The main aim of the morning was to get Leechie and Ben to the airport, or at least to something that could get them to the airport, in this case, the mysterious new Gautrain station in Sandton, in Johannesburg. They were both due to fly down to Cape Town; Ben to shoot the quarter final down there, and Leechie to spend an indefinite amount of time there before heading home. We found the station by 12.30pm, and they were on their way. Leechie admitted that morning that unless the Final involves the biggest teams (which should be Brazil vs. Argentina) then he may sack it off and go home early, leaving me to cover it myself. No pressure then!
I went straight from Sandton to the Mugg & Bean at Boskruin, where I met a few of the guys who’d gone for lunch whilst I did the taxi run. Mongo and Simon were only just getting their main course, so I sat down and ordered something myself. By the time we were done and dusted and back at the Lodge ready to leave, it was 2.45pm. Chris was driving his now-familiar route into Hillbrow, so we packed up and got on our way.
When we arrived, there was hardly a seat available in the photographers’ room…something we’d come to expect when doing a match in either Johannesburg stadium. However, when I went to collect my match ticket and choose my pitch position, the extent of the numbers present at the match became horribly apparent. All seats on the ends of the pitch had been booked up already, and a bulk of seats on the side close to each corner flag were also taken. I was forced to sit on the side of the pitch, which I wouldn’t usually want, so I considered where the linesman would be so I wouldn’t be blocked by him for anything, and chose the closest spot I could to the corner flag, which was about level with the top of the penalty box. Not ideal (especially for right-footed strikes), but it was the best I could wish for under these ridiculous circumstances.
Having spent a couple of hours catching up with the diary, as well as some minor amounts of post-match editing from games gone by, I went out the pitch, stepping carefully down the wet, slippery stairs down the corner of the stadium and down onto the wet turf. I found my seat, which had another photographer’s bags strewn all around it, without consideration for anyone else but himself, and asked him to move things so I could put my gear down, like everyone else would want to sooner or later. I decided not to venture over to the benches pre-match, as I knew how tight the match seats would be and didn’t want to be the last to sit down, so I shot the team line-ups from behind, and got a couple of nice frames out of it.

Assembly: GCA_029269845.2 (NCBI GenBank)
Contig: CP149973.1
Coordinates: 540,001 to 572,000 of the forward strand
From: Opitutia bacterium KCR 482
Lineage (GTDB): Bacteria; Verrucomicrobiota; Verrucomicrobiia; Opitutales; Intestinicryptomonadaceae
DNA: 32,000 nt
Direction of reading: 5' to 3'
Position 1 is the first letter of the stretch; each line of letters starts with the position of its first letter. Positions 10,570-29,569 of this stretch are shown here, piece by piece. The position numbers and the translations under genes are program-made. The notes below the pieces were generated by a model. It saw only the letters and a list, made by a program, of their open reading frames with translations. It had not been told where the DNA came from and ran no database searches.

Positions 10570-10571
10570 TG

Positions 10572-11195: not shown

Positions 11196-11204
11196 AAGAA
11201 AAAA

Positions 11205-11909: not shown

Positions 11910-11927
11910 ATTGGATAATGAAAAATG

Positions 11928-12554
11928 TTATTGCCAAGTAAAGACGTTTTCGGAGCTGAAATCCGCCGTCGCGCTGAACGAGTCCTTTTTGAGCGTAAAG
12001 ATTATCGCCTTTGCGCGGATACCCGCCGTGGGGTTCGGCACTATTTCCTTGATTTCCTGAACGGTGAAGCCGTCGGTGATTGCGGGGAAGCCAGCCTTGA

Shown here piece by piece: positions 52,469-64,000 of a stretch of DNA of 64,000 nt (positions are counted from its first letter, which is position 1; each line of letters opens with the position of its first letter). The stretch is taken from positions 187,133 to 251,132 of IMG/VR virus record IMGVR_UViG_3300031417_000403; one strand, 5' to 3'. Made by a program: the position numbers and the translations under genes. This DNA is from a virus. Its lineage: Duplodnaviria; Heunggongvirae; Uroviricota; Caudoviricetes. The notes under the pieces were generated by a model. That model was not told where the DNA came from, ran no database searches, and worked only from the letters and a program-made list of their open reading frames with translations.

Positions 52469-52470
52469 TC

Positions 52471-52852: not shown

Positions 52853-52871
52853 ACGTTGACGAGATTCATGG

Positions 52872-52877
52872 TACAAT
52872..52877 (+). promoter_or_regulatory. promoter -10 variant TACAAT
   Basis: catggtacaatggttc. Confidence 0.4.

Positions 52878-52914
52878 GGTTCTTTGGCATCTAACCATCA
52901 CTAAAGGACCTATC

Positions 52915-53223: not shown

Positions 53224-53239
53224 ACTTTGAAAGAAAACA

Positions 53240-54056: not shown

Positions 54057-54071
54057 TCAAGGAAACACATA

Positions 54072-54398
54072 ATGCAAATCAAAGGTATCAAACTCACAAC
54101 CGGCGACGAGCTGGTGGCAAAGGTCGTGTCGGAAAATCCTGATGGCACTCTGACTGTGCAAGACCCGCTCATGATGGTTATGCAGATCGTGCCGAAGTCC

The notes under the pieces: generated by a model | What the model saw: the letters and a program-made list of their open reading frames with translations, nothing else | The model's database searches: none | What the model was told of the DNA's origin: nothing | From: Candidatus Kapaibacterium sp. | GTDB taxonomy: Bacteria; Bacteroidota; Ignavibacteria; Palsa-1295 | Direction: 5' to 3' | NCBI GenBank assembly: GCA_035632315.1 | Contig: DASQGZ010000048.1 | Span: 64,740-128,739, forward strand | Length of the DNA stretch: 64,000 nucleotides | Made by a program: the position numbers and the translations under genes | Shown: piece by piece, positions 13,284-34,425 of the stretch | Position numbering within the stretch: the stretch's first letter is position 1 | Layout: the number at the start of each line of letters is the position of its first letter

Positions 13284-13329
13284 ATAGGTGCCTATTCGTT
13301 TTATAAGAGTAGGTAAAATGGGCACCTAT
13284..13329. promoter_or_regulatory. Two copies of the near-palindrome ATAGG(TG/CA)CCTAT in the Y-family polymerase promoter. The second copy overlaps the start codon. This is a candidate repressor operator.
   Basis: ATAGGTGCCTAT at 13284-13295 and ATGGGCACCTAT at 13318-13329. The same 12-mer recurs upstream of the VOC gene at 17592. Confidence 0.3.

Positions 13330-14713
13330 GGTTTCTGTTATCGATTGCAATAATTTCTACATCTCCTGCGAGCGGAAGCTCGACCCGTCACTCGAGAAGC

As the match got going, the seating became tighter and tighter…I was sat on the edge of my seat, just to give myself enough space to shift from looking one way down the pitch to the other. I had a lardy Brazilian sat to my left and a left-eyed Japanese sat to my right, so I was squashed right in, with little room to breathe. As I turned to my right to look up the pitch, I couldn’t see the right hand edge of the far penalty box for all the lenses in the way, and as I looked to my left, I couldn’t see the corner flag, despite how close I was to it…cramped and horrible.
I’d chosen the end without the linesman in front of me, and it was also the end Brazil attacked in the first half, so when they scored 1, then 2 goals, I was able to get frames on both, and the first cele came my way which made up for the crap working conditions we were all experiencing.
In the second half, the possession stats stayed the same, with Brazil dominating at the far end of the pitch. Chile came back a bit, but with nothing threatening, and it finished 3-0. I shot stock for most of the second half, with some nice frames on Julio Cesar, the Brazil goalkeeper, and breathed a sigh of relief as people headed back to the Media Centre at full time, leaving me room, peace and time to speak to Meggy on Skype before heading back there myself.
I sent a total of 20 images from the match, and was finished long before any others in our car, so I headed out into the lobby and chatted to Meggy for a while longer, until the laptop battery gave up. I knew 6 weeks on her own wasn’t going to be easy, and it was nice to chat for such a long time, as I’m usually being rushed out the door for being the slowest wirer, and then wanting to chat to her as well! We got back to the Lodge at about 1am, nipping into our favourite garage along the way.